The grounds of the house are also often home to festivals, and during the summer run drive in cinemas which you can book tickets to.

Getting to Knebworth House

Getting to Knebworth is easy by car. The site is accessed directly from the Junction 7 roundabout of the A1M motorway at Stevenage South, 29 miles north of London, and there is plenty of free parking on site. You can use the postcode SG12AX and it should get you there. This journey by car will take 1 hour from London, 45 minutes from Cambridge and about 1hr 30 minutes from Oxford.

If you want to arrive by train, then the nearest rail station is Stevenage, two miles from Knebworth Park. There is a taxi rank at the station. Non-stop services run to Stevenage station from London Kings Cross station around every 30 minutes and take around 30 minutes. There are also frequent connections on the East Coast main line from Cambridge which take around 45 minutes.

Other site information

As of 2021 (I visited in May), you have to book tickets in advance to visit Knebworth House. You can purchase garden tickets only in slots starting from 10am-2pm and running throughout the day in 4 hour intervals until 5pm. The cost of this is Β£11.50.

You can also then purchase an all day ticket which includes the house from 11am-5pm, which costs Β£16.50. The house itself doesn’t open until 12pm which is quite late and is a bit annoying, but as it’s a residential home visitors need to be respectful of that.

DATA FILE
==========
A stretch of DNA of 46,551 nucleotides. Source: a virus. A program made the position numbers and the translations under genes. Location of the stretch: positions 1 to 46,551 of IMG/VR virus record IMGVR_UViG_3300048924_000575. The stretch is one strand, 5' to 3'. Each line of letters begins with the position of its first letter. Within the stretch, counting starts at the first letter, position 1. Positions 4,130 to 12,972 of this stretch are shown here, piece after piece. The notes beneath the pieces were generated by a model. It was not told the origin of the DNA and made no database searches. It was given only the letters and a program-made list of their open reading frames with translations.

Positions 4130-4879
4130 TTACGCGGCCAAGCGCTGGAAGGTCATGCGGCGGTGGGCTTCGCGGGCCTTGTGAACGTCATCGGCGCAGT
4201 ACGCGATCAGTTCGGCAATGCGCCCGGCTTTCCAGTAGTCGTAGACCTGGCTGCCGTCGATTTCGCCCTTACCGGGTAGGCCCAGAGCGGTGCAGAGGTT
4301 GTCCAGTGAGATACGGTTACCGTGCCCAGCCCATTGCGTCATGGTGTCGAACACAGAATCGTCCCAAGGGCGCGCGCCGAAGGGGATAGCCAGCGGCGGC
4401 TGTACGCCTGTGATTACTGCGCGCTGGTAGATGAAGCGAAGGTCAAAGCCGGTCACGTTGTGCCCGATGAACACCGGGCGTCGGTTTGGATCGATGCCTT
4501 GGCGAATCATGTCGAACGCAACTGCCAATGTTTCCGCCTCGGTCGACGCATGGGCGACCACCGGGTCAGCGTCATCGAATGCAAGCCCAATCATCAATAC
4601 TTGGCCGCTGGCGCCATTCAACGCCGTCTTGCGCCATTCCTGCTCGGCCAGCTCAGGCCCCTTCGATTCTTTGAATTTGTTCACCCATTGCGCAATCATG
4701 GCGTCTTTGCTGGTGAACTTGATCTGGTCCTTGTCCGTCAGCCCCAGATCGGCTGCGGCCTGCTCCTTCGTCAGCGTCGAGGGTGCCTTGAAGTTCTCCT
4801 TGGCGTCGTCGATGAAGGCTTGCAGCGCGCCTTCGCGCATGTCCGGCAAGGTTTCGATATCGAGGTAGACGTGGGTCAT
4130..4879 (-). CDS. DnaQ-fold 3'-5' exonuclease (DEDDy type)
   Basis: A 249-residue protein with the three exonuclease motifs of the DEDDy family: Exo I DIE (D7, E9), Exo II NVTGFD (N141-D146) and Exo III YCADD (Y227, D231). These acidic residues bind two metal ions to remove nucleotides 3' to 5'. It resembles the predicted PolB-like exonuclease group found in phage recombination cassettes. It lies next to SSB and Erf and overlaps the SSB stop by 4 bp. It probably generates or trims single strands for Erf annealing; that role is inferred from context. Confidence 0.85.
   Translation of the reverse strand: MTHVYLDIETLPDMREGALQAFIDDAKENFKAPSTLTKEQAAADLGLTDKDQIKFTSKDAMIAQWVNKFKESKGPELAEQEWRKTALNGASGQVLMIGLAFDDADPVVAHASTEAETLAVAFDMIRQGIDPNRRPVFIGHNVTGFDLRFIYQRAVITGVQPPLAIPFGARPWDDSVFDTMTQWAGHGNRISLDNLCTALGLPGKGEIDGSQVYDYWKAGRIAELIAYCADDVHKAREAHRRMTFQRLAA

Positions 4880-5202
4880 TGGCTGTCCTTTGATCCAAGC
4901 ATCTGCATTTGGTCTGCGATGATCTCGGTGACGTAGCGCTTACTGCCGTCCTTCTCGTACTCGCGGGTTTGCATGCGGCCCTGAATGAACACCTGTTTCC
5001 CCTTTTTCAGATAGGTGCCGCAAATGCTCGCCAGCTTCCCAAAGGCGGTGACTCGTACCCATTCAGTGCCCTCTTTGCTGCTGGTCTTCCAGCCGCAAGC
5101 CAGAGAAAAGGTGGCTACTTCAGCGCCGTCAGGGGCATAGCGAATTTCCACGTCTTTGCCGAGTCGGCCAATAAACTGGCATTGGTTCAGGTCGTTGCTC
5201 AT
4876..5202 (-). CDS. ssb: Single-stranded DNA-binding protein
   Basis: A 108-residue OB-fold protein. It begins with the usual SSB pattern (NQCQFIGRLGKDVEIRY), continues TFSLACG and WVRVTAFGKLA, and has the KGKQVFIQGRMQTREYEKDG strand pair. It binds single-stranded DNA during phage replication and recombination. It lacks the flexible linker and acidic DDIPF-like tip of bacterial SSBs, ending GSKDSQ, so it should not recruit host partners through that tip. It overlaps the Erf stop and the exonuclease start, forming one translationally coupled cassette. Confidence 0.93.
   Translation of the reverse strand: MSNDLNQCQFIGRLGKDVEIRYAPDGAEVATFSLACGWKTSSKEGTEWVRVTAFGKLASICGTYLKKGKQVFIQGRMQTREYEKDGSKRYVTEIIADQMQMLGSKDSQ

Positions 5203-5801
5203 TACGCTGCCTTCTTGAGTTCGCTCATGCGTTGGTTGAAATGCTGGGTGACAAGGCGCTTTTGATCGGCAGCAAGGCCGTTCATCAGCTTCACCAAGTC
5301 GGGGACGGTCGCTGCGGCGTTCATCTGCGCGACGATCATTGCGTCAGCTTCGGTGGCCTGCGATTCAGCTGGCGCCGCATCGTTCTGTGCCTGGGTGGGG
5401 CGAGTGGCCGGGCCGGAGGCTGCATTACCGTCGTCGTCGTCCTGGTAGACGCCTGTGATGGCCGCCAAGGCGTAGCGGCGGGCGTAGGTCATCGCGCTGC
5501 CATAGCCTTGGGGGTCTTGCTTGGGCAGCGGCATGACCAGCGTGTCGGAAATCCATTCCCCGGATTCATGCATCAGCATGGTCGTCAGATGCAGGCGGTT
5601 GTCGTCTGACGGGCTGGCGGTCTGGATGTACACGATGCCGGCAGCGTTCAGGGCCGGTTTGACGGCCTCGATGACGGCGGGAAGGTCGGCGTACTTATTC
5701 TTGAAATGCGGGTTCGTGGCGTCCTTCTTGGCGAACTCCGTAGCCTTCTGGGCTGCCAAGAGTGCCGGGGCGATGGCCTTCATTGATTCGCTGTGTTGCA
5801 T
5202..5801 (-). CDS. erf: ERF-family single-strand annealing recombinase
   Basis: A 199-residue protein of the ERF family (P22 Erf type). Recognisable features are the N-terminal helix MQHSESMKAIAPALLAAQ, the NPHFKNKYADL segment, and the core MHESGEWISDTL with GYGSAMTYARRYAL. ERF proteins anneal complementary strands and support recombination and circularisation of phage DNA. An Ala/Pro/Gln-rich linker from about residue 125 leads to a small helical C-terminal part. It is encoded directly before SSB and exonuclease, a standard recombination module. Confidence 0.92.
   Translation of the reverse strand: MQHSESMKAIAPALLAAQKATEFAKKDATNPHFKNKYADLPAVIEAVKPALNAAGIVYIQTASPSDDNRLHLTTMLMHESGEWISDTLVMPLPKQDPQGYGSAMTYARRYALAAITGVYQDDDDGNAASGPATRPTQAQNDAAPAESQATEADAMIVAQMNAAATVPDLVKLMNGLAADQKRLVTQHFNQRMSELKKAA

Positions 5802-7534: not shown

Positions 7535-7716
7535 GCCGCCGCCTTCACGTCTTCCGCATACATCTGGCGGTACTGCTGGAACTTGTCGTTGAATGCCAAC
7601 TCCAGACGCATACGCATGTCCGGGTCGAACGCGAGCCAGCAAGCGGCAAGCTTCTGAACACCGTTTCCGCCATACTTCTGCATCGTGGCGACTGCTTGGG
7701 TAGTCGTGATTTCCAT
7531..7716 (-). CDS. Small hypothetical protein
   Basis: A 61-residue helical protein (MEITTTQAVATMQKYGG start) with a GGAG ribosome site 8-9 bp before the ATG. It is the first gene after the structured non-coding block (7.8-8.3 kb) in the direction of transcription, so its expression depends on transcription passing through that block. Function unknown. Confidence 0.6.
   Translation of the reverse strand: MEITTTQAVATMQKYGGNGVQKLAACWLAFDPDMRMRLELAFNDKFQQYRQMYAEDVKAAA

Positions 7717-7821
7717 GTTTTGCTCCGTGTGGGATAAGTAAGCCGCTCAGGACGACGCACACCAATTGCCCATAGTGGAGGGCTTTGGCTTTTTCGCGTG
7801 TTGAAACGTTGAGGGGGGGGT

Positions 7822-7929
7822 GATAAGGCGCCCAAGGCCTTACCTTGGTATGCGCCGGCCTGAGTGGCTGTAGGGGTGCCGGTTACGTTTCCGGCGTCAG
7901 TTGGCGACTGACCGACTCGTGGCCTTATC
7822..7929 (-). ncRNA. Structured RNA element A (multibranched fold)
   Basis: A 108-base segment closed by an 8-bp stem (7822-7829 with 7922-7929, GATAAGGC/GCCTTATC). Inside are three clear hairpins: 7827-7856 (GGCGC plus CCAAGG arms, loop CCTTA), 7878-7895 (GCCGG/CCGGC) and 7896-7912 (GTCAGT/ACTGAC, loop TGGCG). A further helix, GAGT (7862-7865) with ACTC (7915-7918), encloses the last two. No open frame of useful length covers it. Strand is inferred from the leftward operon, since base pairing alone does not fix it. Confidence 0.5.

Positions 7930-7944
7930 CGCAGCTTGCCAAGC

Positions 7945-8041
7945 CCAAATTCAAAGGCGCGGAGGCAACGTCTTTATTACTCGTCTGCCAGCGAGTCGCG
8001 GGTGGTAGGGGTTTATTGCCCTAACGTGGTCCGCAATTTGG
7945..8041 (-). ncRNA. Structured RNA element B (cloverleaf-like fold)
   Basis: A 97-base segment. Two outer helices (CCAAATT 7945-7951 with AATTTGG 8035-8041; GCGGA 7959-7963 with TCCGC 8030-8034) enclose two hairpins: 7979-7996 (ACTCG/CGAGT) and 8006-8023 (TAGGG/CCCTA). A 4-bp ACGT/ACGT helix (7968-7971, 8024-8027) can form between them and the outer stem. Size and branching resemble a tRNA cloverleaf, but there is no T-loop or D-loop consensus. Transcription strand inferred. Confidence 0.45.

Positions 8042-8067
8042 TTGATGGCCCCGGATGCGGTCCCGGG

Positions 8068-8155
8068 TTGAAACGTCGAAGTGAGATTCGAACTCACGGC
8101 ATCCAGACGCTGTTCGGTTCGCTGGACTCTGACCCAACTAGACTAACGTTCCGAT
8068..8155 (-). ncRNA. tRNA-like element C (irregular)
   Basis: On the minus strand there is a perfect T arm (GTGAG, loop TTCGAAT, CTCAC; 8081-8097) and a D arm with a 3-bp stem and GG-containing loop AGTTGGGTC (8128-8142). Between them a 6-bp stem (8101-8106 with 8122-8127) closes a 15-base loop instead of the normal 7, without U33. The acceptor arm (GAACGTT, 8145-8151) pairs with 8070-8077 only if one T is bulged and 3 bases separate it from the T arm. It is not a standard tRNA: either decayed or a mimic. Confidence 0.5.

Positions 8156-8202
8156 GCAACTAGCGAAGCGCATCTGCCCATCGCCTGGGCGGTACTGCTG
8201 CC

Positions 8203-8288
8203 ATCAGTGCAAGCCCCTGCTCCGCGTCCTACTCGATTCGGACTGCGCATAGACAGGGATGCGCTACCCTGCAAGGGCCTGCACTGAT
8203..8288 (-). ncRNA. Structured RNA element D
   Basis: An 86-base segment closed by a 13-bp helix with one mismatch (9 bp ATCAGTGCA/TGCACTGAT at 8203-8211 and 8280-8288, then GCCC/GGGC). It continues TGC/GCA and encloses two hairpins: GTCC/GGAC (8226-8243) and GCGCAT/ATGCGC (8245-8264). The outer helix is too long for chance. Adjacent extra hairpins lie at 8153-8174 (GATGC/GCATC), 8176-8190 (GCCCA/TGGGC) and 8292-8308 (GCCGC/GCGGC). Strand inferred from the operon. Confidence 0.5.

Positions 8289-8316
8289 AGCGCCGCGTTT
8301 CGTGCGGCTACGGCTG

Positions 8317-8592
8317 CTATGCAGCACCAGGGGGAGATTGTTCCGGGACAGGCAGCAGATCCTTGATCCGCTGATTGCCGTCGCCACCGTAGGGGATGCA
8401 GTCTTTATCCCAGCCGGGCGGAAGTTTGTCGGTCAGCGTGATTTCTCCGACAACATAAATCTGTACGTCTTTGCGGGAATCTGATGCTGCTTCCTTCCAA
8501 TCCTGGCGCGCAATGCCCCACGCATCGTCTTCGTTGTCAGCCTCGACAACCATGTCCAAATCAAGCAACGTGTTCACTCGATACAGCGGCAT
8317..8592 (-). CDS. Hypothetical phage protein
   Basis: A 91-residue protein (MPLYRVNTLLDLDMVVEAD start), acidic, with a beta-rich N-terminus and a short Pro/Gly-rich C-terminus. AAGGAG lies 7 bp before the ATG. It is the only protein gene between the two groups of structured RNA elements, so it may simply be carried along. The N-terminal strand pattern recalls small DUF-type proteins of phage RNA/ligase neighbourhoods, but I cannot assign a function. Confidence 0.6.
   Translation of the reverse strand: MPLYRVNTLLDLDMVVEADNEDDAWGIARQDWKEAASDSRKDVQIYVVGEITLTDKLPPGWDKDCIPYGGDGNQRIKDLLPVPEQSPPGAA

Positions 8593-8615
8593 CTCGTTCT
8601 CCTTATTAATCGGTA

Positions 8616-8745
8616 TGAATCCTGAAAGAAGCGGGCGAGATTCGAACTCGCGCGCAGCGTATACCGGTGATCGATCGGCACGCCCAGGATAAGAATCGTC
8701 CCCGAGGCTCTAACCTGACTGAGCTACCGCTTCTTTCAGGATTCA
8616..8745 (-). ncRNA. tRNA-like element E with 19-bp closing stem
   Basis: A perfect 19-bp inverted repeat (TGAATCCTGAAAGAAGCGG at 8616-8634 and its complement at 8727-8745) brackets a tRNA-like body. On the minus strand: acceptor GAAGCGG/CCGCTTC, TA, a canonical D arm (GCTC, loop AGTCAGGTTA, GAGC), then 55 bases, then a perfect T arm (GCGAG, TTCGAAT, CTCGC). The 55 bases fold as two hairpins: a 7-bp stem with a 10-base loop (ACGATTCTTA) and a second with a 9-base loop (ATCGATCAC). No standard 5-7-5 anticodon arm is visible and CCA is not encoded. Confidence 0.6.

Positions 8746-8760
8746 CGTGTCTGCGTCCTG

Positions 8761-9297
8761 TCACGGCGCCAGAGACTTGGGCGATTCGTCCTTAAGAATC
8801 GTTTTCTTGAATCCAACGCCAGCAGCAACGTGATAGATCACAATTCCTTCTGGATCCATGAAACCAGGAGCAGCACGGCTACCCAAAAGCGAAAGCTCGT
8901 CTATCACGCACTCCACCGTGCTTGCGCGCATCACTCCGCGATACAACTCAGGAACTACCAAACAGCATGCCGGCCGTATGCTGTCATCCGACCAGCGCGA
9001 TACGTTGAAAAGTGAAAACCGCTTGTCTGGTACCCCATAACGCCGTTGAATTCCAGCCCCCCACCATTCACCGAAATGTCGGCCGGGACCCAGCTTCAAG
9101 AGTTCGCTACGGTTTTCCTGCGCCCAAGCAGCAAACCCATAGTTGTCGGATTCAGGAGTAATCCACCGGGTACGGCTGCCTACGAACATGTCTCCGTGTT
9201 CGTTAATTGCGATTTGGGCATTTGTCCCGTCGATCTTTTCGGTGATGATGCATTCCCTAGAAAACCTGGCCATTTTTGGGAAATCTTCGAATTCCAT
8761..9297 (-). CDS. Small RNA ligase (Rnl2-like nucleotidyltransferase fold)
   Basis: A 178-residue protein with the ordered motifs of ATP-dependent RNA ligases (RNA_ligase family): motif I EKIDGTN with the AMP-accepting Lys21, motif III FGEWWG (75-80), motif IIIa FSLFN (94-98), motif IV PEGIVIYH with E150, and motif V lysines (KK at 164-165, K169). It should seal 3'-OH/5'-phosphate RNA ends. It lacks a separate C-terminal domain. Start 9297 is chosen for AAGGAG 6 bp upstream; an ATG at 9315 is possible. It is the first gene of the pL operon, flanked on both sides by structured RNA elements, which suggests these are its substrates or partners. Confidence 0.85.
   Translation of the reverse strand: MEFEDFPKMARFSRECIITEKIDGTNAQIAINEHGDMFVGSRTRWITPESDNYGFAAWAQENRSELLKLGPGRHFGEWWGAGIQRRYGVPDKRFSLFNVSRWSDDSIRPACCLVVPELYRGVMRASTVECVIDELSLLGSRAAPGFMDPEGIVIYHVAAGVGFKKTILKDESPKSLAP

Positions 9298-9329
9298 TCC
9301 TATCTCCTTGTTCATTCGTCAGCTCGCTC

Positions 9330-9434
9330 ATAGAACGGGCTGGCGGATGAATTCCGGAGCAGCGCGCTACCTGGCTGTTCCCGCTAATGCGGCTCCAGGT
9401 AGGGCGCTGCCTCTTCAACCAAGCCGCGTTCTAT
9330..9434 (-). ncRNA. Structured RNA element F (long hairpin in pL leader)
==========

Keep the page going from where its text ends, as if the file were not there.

The lovely gardens

So, what do you think of Knebworth House? Have you ever been, or would you like to? Let me know your thoughts in the comments below. If you’re looking to visit you could also tie it in with a visit to St Albans and Hatfield House, to make a weekend break of it.

Thanks for reading; stay safe and happy travelling everyone!


  1. Never visited this place, but it’s really lovely (would love to see it!) And in the same family since 1490 … that’s extraordinary!
    Your pictures of the gardens are beautiful – it seems it’s bluebells-time in the UK 😊.


    1. Ahh I’m so glad to show you somewhere new -I’m so pleased you like it. I know, it’s mindblowing to think it’s been in the same family for all of that time! And thank you so much – bluebells are gorgeous πŸ™‚

      Liked by 1 person

  2. You rock, Hannah ~ another amazing location!! The castle (“house”) is awesome. I suspect it takes most of the morning to walk from end to end πŸ˜‚ Magnificent architecture, and the gardens appear exquisite, well groomed. It’s alway impressive when learning of such old structures still standing, in the present. And, the same family in the house since 1490…thanks so much for sharing your wonderful post, my friend 😊🌹


    1. Aww thanks so much Phil, I hugely appreciate that. Haha it probably does!!! It’s so special it’a been in the same family for that long, what an amazing house it is and we’re so lucky we can visit it!!! Thanks for your lovely comments and have a wonderful evening πŸ™‚